Before loading the final results, you can filter and process relationship data with collection methods.

Collections integrate seamlessly across core Laravel components like views, responses, and Eloquent models. They power many areas of the framework’s functionality behind the scenes.


Laravel collections provide a robust way of interacting with array data powered by an expressive, fluent interface. Under the hood, collections utilize deferred execution and the concept of transformation pipelines to enable chaining multiple methods together without incurring immediate performance penalties. 

This lazy evaluation allows you to write code that reads clearly while only running operations as needed. Data manipulation methods like map, filter, and reduce commonly cover most use cases when working with arrays in Laravel. 

And because collections integrate seamlessly with core components like Blade templates, Eloquent models, and API response helpers, they form a natural part of developing web applications with Laravel. For example, collection methods combine effortlessly with querying data from databases through Eloquent relationships. 

Furthermore, collections handle large datasets well thanks to optimized memory usage strategies like processing items in batch via cursors. There are also plenty of learning resources between the official Laravel documentation and the wealth of community knowledge in tutorials and advanced articles.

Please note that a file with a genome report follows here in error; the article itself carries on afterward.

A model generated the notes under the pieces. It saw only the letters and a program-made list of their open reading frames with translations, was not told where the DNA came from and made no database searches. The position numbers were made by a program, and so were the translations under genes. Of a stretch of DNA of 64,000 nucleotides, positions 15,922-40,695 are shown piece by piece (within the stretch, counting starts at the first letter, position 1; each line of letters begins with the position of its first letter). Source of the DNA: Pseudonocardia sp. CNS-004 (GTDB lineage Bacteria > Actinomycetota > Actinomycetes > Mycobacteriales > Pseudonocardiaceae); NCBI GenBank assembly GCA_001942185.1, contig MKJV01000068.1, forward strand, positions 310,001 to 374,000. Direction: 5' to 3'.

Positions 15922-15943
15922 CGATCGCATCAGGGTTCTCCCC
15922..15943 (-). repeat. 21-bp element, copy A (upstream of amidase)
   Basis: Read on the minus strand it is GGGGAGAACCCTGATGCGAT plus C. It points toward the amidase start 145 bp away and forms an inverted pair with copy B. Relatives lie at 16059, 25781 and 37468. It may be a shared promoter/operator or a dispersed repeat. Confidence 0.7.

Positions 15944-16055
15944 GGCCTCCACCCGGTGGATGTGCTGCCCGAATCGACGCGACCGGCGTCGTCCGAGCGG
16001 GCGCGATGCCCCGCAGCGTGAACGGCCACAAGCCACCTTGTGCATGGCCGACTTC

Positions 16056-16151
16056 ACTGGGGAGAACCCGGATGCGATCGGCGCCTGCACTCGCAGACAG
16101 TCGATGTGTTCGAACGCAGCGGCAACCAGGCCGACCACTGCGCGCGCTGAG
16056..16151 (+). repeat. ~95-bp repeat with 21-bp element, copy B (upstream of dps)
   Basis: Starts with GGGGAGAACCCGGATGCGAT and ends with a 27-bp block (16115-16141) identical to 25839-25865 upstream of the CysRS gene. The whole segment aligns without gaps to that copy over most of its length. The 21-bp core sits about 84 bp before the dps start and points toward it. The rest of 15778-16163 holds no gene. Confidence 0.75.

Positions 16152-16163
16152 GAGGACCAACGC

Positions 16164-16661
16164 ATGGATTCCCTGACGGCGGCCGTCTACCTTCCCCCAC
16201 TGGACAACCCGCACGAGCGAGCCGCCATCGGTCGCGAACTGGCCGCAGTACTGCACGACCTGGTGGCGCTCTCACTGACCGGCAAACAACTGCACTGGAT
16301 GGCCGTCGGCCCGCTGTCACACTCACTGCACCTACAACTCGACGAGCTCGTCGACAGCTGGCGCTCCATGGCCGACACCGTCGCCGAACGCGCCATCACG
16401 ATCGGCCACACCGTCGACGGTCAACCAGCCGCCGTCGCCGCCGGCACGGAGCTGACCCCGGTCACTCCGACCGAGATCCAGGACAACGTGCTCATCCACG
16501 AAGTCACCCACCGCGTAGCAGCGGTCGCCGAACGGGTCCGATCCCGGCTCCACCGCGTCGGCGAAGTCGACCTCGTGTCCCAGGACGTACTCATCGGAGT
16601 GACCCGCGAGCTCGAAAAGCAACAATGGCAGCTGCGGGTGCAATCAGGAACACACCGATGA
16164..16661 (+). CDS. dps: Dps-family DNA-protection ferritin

In summary, Laravel collections are a syntactically beautiful and practical way to interact with arrays and iterable data. They make a developer’s life easier by providing powerful helpers for mundane tasks while integrating seamlessly across the Laravel ecosystem. Collections unlock a more productive, enjoyable developer experience.

Some suggestions for further improving your collection skills include reading in-depth documentation, watching video tutorials, exploring advanced community posts, practicing on your projects, reviewing third-party packages, and diving into the source code.  

Our blog post on learning Laravel also covers various ways to master Laravel overall. With continued practice, collections can take your Laravel capabilities to all new levels. Let me know if you have any other collection-related questions!

Frequently Asked Questions
What are some real-world use cases for Laravel collections?

Laravel collections shine when you need to filter, transform, or extract data from Eloquent results, APIs, CSV imports, and other data sources. They simplify workflows like aggregating statistics, sorting data for display, paginating results, and preprocessing API responses.

When should I use a collection over a traditional array?

Use collections when manipulating, iterating, or working with array data. The helpful methods make actions like filtering, mapping, and reducing more expressive. Collections also integrate nicely across the Laravel ecosystem.

How can collections help me work with large data sets efficiently?

Collections allow you to process extensive data in chunks using lazy evaluation without loading the entire dataset into memory. Methods like chunk and cursor let you define how many records to work with simultaneously.

What are some key things to know about performance with collections?

Leverage lazy evaluation to avoid premature optimization. Filter data early when possible to minimize what you process. Test actual bottlenecks before trying to optimize. Understand which operations are executed immediately vs deferred.

Where can I find more examples of advanced usage of collections?

The Laravel documentation has additional collection examples. Also, check out blog posts on Medium and DevDojo or video tutorials on Laracasts. The Laravel News newsletter features regular community articles on collections.

How can I extend collections with custom functionality?

You can define custom collection macros to add reusable methods or even create custom collection subclasses by extending Illuminate\Support\Collection.